A new study in the journal Environmental Health Perspectives should go a long way toward debunking the ridiculous "no chemical" myth that the organic food industry has been spoon feeding the public for so long. Cause if this doesn't punch holes in that nonsense, then nothing can.
Elemental sulfur, a yellow powder, is by every definition a chemical, although it has extremely low toxicity when consumed, so much so that it is all but impossible to even find a dose that will kill test animals - orally. But the lack of oral toxicity does not tell the whole story. When inhaled, sulfur dust isn't nearly as safe (4).
"Acute exposure inhalation of large amounts of [sulfur] dust may cause catarrhal inflammation of the nasal mucosa which may lead to hyperplasia with abundant nasal secretions. Trachiobronchitis [inflammation in the bronchial airways] and tracheais [inflammation of the trachea] airways a frequent occurrence, with dyspnea [difficulty in breathing], persistent cough and expectoration which may sometimes be streaked with blood."
Source: OHS Database. 1993. Occupational Health Services, Inc. 1993 (August) MSDS for Sulfur. OHS Inc., Secaucus, NJ.
And an awful lot of sulfur is used in agriculture; more than 23,000 tons of it was used in California in 2013 alone. The Environmental Health Perspectives study examined for the first time whether inhaled sulfur dust might pose a health risk, especially to with children with asthma. It did. Let's look at the study.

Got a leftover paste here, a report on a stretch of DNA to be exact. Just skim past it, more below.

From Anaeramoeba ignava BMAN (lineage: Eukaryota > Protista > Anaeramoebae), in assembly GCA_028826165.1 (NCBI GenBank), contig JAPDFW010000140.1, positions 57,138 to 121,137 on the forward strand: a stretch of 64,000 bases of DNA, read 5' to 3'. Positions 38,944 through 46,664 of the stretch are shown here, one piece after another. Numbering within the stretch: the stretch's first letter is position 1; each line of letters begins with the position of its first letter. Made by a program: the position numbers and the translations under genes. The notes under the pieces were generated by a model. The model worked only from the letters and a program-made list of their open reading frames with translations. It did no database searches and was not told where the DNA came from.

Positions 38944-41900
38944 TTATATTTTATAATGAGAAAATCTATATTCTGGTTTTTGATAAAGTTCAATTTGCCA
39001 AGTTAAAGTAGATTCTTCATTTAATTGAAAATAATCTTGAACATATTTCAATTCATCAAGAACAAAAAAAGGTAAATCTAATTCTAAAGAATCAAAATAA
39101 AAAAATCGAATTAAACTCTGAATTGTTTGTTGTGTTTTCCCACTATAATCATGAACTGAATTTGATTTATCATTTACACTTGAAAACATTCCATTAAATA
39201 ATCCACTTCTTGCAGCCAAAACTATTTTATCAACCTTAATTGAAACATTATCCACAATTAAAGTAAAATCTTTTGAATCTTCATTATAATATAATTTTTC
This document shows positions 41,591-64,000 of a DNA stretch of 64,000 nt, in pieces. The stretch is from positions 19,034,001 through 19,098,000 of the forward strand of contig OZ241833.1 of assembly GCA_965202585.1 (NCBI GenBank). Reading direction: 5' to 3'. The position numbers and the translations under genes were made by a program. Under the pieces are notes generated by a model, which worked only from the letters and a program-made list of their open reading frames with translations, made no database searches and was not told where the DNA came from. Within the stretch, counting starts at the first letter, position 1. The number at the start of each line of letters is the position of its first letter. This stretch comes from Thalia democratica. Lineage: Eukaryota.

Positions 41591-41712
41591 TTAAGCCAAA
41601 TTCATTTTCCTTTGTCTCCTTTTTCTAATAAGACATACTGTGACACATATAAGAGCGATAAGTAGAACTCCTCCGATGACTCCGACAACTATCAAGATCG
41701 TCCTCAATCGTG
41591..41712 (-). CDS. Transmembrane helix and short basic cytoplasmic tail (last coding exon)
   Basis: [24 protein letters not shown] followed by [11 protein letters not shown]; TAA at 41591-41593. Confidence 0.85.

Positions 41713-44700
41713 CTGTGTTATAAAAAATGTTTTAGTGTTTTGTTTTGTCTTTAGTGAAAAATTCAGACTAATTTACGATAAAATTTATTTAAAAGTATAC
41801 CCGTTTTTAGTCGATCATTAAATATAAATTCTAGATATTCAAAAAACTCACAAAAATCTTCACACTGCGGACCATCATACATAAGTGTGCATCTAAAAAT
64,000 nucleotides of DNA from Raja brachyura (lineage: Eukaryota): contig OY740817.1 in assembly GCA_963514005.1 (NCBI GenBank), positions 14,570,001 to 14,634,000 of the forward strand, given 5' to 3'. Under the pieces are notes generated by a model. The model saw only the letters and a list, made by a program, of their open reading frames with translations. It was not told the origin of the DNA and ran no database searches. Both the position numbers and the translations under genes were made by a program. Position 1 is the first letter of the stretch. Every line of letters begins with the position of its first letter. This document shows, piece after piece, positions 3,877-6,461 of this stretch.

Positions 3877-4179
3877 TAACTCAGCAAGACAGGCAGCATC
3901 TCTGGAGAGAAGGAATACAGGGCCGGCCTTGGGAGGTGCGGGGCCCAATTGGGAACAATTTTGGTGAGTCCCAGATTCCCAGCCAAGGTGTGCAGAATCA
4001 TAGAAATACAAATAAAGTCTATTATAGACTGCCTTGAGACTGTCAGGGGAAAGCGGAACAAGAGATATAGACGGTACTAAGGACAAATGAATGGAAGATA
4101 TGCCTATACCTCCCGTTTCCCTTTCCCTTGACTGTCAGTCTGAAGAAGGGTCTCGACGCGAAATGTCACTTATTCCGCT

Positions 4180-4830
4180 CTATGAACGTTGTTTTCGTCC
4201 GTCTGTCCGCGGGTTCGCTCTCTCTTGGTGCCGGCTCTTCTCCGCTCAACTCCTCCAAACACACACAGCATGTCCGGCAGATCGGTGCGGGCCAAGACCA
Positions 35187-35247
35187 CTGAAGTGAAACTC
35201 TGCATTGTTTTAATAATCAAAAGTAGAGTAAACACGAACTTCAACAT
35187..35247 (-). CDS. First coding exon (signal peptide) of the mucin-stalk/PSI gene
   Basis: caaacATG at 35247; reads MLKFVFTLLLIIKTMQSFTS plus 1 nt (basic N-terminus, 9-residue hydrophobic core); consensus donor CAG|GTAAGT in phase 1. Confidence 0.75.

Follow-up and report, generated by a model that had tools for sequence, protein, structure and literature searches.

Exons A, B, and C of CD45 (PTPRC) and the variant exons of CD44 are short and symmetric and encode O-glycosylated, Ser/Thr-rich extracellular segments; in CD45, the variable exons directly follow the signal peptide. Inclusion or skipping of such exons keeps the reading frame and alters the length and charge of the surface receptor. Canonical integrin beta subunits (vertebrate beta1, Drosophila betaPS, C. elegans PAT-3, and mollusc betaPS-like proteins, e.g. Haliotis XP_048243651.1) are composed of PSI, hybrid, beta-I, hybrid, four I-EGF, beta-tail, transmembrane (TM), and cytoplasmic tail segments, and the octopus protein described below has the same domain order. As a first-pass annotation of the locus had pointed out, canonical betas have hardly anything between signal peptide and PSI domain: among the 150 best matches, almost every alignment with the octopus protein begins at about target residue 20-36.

Figure 1: Elemental sulfur use (kg/y) by section of the Public Land Survey System (PLSS) grid in the Salinas Valley, 2005–2008, from the California Pesticide Use Report (PUR) system (CDPR 2013b). The Center for the Health Assessment of Mothers and Children of Salinas
The authors analyzed several breathing functions in children based and correlated them with their distance from farms that used sulfur as a pesticide. The results may or may not take your breath away, but the sulfur sure did with asthmatic kids. In particular:
- When a farm was 1.0 kilometers (or less) from a child's residence there was about a 2-fold increase in respiratory symptoms for asthmatic children. At a distance of 3 kilometers, no effect was seen.
- The use of asthma medications followed a similar pattern.
- Lung function, as measured by FEV1 and FVC (5), was also negatively impacted by proximity to farms, (but not as much as exposure to cigarette smoke) and that the impact grew with the time of exposure.
To be fair, I am often hard on environmental studies, because most of them are pure junk. This one isn't junk, but it's not perfect either. Here are some of the strengths and limitations, as described by the authors.
- The study did not rely solely on questionnaires, which are notoriously unreliable. Objective lung function data obtained from spirometry were used in addition to questionnaires.